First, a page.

Hong Kong and Singapore announced Thursday they will no longer be pursuing a travel bubble, following twice-thwarted plans and “differences in the anti-epidemic strategies currently adopted by the two places.”
In a press release, a Hong Kong government spokesperson said the travel bubble was predicated on both cities adopting similar approaches to tackling COVID-19, but that Singapore has since moved towards a strategy of “building a ‘COVID-resilient’ nation”—i.e. accepting the outbreak as endemic and returning cautiously to normalcy.
The Southeast Asian nation said earlier that it is shifting away from its COVID-zero plan, and instead will focus on containing clusters. Hong Kong, on the other hand, is still bent on eliminating local spread of the virus.
Talks for the bubble began between the cities—seen as pandemic poster children for their relative success in handling the virus—last year. The arrangement was hailed as a potential blueprint for a return to regional travel.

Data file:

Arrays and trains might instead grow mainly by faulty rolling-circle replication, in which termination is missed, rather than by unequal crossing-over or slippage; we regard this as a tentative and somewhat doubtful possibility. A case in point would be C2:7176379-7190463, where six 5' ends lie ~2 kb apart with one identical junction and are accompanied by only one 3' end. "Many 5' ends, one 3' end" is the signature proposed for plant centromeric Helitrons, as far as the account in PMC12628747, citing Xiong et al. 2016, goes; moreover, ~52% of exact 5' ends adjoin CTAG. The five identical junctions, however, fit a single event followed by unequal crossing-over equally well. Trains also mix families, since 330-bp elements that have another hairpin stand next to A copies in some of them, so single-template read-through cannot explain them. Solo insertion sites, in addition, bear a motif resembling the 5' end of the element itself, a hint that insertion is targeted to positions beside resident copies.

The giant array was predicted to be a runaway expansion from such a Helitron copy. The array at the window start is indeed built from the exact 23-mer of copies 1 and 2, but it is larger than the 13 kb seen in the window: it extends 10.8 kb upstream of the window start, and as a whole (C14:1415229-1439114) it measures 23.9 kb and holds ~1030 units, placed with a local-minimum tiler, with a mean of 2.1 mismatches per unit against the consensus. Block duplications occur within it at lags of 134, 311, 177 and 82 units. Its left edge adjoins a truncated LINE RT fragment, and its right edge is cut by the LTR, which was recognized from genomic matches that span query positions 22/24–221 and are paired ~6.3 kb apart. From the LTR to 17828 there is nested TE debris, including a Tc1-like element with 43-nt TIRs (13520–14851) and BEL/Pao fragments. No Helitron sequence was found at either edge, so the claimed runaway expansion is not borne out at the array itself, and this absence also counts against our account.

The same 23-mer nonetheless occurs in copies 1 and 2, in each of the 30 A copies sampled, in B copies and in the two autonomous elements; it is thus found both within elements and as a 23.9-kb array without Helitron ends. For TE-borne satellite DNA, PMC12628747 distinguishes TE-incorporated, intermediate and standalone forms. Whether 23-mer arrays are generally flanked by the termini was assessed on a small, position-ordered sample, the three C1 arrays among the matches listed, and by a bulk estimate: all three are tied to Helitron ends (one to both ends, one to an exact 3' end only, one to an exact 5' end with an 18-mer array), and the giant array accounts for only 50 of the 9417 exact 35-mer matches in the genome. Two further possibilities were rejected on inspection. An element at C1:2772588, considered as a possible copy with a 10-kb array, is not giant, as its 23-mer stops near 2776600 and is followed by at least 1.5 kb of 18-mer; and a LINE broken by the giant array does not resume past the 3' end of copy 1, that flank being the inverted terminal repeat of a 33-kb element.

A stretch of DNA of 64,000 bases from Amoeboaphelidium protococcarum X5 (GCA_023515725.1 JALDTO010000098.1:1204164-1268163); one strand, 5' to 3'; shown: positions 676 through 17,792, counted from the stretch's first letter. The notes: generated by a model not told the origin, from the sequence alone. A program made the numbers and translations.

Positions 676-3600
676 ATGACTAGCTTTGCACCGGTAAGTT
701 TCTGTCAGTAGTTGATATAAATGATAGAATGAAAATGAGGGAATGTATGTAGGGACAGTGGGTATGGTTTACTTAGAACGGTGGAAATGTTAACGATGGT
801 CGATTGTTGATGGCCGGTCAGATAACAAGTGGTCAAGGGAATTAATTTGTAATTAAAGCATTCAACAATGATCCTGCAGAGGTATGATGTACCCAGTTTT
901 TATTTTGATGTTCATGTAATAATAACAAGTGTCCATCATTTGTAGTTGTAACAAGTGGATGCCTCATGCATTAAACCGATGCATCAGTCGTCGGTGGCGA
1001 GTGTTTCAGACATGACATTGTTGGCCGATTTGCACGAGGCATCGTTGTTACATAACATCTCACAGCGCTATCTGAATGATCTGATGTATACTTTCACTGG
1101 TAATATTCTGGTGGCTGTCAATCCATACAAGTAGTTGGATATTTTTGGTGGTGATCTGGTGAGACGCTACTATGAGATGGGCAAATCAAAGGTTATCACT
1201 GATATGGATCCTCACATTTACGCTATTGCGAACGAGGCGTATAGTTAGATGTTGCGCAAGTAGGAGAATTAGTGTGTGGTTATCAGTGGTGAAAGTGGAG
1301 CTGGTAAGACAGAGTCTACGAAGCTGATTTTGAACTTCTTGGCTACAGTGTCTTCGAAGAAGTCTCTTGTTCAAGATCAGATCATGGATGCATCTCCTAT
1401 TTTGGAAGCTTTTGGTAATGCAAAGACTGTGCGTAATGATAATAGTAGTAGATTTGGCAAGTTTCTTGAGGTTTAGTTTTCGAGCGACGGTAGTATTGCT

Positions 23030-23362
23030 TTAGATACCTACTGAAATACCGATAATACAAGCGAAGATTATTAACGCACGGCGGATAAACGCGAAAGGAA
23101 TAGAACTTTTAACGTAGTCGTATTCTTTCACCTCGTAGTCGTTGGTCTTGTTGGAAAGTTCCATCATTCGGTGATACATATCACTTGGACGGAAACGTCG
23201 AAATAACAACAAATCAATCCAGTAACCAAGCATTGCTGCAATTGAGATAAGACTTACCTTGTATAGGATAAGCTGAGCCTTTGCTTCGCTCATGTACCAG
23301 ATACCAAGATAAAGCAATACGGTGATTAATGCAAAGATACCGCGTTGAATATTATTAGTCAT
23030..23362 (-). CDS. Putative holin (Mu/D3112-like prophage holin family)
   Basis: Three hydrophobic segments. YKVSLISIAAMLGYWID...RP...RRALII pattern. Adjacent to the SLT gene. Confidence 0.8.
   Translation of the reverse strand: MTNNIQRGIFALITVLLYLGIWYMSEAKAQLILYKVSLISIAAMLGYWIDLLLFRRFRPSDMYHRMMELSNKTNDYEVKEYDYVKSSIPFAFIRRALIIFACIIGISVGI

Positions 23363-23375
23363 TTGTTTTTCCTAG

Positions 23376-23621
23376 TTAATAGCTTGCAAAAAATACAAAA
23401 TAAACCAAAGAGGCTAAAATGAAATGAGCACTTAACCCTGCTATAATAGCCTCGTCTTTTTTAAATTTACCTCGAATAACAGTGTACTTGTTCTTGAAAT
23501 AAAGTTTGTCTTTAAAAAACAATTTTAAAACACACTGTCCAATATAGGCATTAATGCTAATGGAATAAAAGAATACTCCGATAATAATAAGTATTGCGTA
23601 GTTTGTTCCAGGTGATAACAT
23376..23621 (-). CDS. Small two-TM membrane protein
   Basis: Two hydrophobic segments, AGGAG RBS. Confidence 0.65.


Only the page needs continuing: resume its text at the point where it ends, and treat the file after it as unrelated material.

But the arrangement fell through twice: last November when Hong Kong reported a spike in cases, and again in May, when Singapore saw a dramatic increase in local virus cases.
While the bubble is dead, Singapore—which leads Asia in vaccination rates, with over 75% of the population double jabbed—will be allowing quarantine-free travel from Hong Kong starting Saturday. Unvaccinated Hong Kong residents would still have to complete a 21-day hotel quarantine upon return, however, while those who are vaccinated can stay 14 days in a hotel and self-monitor at home for seven days.
This article, Over before it began: Hong Kong-Singapore travel bubble pronounced dead, originally appeared on Coconuts, Asia’s leading alternative media company.